Exclusive: GM plans to move some Chevy Equinox assembly to Mexico -source

Wed Aug 27, 2014 8:18pm EDT
 
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By Bernie Woodall and Paul Lienert

DETROIT (Reuters) - General Motors Co and the United Auto Workers on Wednesday trumpeted the news that production of the Cadillac SRX would be shifted from Mexico to Tennessee, but Reuters has learned that GM also plans to move some other assembly work in the opposite direction.

The company plans to shift some production of the Chevrolet Equinox from Spring Hill, Tennessee, to Ramos Arizpe, Mexico, when the crossover vehicle is redesigned in 2017, according to an industry source familiar with GM’s plans. That move could partially offset any new jobs created by the shift of SRX work from Ramos Arizpe to Spring Hill, which is expected in mid-2016, the source said.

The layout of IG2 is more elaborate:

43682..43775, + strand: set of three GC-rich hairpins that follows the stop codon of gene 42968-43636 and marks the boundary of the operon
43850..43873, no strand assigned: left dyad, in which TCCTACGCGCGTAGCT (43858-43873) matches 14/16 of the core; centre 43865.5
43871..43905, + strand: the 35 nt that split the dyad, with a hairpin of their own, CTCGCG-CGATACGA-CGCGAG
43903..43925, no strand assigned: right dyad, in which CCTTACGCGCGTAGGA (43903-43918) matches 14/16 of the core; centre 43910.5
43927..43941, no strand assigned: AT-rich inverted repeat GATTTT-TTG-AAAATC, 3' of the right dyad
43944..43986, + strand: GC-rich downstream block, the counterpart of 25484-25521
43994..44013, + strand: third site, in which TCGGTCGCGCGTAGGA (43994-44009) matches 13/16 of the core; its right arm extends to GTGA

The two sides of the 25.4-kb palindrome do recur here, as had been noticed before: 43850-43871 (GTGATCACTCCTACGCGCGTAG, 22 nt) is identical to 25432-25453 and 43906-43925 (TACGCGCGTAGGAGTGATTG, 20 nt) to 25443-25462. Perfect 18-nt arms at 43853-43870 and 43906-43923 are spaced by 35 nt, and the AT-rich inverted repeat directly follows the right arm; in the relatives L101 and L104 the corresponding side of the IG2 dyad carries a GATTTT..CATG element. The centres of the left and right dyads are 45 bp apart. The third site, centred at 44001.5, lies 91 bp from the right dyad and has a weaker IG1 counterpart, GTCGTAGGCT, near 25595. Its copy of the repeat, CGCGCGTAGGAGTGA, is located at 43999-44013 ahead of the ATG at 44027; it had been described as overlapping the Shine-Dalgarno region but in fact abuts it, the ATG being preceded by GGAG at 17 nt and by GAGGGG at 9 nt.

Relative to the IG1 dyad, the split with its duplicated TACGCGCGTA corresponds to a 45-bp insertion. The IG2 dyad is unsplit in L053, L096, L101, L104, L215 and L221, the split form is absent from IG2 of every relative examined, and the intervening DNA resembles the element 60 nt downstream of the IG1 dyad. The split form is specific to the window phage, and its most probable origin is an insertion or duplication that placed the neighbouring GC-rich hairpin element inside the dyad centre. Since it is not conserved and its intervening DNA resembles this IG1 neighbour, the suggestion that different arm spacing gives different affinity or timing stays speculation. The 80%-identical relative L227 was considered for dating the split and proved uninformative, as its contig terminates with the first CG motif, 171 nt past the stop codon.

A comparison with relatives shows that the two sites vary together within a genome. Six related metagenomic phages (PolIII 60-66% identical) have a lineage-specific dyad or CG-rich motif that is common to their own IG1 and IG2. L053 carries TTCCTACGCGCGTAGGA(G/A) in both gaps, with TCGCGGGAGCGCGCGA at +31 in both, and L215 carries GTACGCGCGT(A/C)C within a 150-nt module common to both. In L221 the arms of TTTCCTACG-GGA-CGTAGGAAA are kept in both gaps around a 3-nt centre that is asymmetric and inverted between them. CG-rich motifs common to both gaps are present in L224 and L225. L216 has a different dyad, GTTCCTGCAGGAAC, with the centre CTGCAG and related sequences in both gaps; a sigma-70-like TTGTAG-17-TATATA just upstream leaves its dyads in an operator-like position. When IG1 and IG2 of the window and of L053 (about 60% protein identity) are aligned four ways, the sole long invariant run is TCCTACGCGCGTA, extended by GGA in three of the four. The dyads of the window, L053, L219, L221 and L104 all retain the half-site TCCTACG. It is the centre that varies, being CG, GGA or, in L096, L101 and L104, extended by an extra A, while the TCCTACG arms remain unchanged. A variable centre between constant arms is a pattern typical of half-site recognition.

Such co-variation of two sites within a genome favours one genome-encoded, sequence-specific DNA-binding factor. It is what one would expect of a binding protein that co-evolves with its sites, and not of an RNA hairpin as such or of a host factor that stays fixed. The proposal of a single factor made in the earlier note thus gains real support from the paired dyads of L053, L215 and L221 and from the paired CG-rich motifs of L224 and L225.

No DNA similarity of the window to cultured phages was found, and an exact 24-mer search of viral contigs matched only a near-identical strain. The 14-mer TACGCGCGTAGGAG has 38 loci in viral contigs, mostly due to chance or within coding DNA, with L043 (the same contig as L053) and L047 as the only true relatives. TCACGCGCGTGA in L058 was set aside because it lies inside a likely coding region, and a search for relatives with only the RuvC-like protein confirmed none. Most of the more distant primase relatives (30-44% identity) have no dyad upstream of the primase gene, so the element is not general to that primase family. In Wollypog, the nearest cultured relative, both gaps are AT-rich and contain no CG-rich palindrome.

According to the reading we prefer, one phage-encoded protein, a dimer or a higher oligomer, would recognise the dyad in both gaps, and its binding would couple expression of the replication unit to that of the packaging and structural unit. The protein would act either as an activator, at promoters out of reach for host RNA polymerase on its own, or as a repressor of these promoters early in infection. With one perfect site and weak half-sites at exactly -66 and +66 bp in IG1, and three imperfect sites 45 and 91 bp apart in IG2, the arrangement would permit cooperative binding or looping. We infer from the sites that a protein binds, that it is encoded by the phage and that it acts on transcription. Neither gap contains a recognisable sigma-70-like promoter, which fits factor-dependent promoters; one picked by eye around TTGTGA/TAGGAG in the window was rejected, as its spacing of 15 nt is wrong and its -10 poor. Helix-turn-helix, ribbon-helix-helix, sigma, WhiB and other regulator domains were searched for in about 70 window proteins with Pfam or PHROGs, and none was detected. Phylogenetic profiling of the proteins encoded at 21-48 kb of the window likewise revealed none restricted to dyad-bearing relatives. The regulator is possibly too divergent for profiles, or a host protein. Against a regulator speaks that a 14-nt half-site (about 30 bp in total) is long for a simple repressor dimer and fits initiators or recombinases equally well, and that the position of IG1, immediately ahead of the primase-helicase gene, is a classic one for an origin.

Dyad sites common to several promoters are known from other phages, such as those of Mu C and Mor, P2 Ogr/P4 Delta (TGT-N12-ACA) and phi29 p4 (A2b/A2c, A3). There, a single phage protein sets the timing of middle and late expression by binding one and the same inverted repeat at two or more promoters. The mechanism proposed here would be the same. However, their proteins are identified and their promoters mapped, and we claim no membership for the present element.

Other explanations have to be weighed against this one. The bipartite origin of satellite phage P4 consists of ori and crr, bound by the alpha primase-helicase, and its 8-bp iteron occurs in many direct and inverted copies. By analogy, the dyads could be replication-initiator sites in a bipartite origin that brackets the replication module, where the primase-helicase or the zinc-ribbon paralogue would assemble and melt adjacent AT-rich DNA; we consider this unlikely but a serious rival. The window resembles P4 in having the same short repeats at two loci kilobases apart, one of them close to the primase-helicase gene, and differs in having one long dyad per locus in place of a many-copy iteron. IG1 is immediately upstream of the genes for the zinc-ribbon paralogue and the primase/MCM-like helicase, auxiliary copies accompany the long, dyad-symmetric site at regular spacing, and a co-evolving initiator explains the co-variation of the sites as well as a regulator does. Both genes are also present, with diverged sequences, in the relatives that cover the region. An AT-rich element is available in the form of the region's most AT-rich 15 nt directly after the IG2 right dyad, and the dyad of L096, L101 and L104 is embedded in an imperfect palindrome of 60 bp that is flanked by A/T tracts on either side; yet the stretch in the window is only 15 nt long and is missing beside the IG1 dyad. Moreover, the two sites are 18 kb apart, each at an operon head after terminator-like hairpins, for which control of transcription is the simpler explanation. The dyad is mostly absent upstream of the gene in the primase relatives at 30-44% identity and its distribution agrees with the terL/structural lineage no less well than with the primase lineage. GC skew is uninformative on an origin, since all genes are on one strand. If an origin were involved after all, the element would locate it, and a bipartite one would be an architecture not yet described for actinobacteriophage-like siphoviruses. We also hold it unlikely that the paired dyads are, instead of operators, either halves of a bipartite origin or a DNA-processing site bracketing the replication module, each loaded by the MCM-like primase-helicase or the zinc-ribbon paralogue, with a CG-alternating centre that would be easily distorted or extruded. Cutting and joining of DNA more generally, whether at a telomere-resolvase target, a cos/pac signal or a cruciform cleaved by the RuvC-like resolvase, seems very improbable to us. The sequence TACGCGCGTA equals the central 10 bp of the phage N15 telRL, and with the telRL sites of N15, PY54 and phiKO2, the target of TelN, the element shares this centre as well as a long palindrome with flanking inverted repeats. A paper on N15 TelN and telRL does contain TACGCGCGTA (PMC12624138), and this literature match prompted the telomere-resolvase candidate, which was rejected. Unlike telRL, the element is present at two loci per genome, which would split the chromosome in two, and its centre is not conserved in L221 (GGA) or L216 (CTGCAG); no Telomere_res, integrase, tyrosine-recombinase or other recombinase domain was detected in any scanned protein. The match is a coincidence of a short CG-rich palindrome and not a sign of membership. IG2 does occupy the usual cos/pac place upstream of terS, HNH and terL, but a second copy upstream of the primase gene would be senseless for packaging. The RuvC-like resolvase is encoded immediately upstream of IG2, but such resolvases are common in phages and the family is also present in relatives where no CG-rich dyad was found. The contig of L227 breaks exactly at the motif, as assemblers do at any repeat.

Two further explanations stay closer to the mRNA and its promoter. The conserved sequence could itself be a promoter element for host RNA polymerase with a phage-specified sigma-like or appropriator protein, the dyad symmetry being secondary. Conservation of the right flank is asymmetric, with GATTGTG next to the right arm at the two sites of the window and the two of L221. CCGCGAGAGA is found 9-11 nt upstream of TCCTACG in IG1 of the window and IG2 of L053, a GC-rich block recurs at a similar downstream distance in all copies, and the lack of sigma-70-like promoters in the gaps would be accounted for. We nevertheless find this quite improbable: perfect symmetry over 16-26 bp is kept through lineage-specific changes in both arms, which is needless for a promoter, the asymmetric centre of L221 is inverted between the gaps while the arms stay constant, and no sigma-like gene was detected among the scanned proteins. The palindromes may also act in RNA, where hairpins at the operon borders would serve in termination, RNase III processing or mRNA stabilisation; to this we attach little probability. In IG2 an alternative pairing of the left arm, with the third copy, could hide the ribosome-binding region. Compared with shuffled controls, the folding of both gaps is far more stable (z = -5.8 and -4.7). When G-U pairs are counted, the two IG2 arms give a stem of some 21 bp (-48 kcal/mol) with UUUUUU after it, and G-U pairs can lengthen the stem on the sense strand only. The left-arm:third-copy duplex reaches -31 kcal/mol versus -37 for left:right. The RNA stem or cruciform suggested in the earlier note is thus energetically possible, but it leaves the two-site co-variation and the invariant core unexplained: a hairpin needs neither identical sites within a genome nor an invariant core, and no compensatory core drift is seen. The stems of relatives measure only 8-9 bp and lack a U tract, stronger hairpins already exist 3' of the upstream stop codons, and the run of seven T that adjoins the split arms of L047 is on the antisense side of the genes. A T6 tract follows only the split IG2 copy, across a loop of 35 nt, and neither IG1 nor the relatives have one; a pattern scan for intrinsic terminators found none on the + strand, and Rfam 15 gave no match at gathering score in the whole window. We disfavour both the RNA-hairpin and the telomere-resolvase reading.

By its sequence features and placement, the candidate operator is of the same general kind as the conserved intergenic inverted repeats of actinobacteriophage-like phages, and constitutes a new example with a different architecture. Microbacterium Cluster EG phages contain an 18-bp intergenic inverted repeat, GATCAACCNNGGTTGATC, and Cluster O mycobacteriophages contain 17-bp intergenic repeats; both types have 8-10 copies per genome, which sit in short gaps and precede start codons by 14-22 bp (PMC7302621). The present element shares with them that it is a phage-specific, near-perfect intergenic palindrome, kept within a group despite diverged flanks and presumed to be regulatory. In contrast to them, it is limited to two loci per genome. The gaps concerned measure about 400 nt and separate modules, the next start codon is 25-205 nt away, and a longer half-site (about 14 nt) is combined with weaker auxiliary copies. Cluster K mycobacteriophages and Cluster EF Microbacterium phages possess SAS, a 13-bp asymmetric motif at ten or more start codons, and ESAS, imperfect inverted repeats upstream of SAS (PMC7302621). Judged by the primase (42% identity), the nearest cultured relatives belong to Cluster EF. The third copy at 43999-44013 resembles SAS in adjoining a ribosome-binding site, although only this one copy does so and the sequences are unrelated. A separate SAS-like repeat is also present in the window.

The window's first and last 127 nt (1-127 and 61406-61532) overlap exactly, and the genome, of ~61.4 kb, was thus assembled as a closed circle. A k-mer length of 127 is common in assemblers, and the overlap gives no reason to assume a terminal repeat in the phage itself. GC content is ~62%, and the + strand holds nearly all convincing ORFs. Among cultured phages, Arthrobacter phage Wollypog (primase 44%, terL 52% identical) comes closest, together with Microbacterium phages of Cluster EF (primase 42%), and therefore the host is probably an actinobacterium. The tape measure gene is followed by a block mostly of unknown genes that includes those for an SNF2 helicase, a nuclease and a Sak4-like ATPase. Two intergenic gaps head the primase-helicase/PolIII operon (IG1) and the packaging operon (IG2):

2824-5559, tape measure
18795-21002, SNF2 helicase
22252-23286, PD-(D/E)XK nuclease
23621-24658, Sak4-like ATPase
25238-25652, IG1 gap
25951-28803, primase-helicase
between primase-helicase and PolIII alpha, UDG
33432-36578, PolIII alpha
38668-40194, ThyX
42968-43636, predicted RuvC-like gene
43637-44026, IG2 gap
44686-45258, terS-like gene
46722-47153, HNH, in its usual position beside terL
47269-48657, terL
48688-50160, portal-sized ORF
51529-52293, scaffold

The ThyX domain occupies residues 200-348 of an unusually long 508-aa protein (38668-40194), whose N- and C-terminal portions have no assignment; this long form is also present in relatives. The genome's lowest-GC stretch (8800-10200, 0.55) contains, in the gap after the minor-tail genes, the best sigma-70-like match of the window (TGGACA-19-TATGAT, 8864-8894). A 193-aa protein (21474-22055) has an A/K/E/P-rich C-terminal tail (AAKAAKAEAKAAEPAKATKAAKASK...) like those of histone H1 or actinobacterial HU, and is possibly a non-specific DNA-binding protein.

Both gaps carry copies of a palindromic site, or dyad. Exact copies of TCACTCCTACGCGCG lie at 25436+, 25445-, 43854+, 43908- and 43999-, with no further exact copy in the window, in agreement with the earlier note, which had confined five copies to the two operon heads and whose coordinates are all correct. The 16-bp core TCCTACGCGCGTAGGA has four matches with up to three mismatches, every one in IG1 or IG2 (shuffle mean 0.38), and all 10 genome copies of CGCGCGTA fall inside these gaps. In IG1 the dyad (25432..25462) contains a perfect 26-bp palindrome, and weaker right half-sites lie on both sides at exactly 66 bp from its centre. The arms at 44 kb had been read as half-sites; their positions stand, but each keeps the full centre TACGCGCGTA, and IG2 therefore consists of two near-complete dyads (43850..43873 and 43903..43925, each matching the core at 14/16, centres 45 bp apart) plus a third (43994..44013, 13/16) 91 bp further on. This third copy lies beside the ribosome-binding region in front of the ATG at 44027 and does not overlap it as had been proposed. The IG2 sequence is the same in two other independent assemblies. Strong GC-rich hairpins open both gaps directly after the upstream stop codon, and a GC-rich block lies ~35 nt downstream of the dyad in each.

Both GM and the UAW declined to comment on whether the Equinox work would move to Mexico.

As for how many jobs the addition of the SRX at Spring Hill would create, based on current and projected figures provided by GM, Reuters estimates the move could add about 200 jobs at the plant. A GM spokesman said it would be “fair to say” there would be a net increase but declined to be specific.

Earlier in the day, UAW President Dennis Williams said in a statement that the shift of Cadillac production from Mexico to the United States was "a big victory" for the union. The UAW declined to say how many jobs would be added in Spring Hill.

GM told Reuters on Wednesday that the current SRX will continue to be assembled in Mexico for an unspecified period of time after the new SRX begins production in Spring Hill.

GM said a year ago it planned to invest $350 million in the Spring Hill plant, which was built originally for GM's now-defunct Saturn brand. At the time, GM said the Spring Hill plant would be retooled to build two new midsize crossover vehicles.

In addition to the new SRX, the plant is expected to build a replacement for the GMC Acadia, according to the source, who spoke on condition of anonymity.   Continued...

 
The General Motors logo is seen outside its headquarters at the Renaissance Center in Detroit, Michigan in this file photograph taken August 25, 2009. REUTERS/Jeff Kowalsky/Files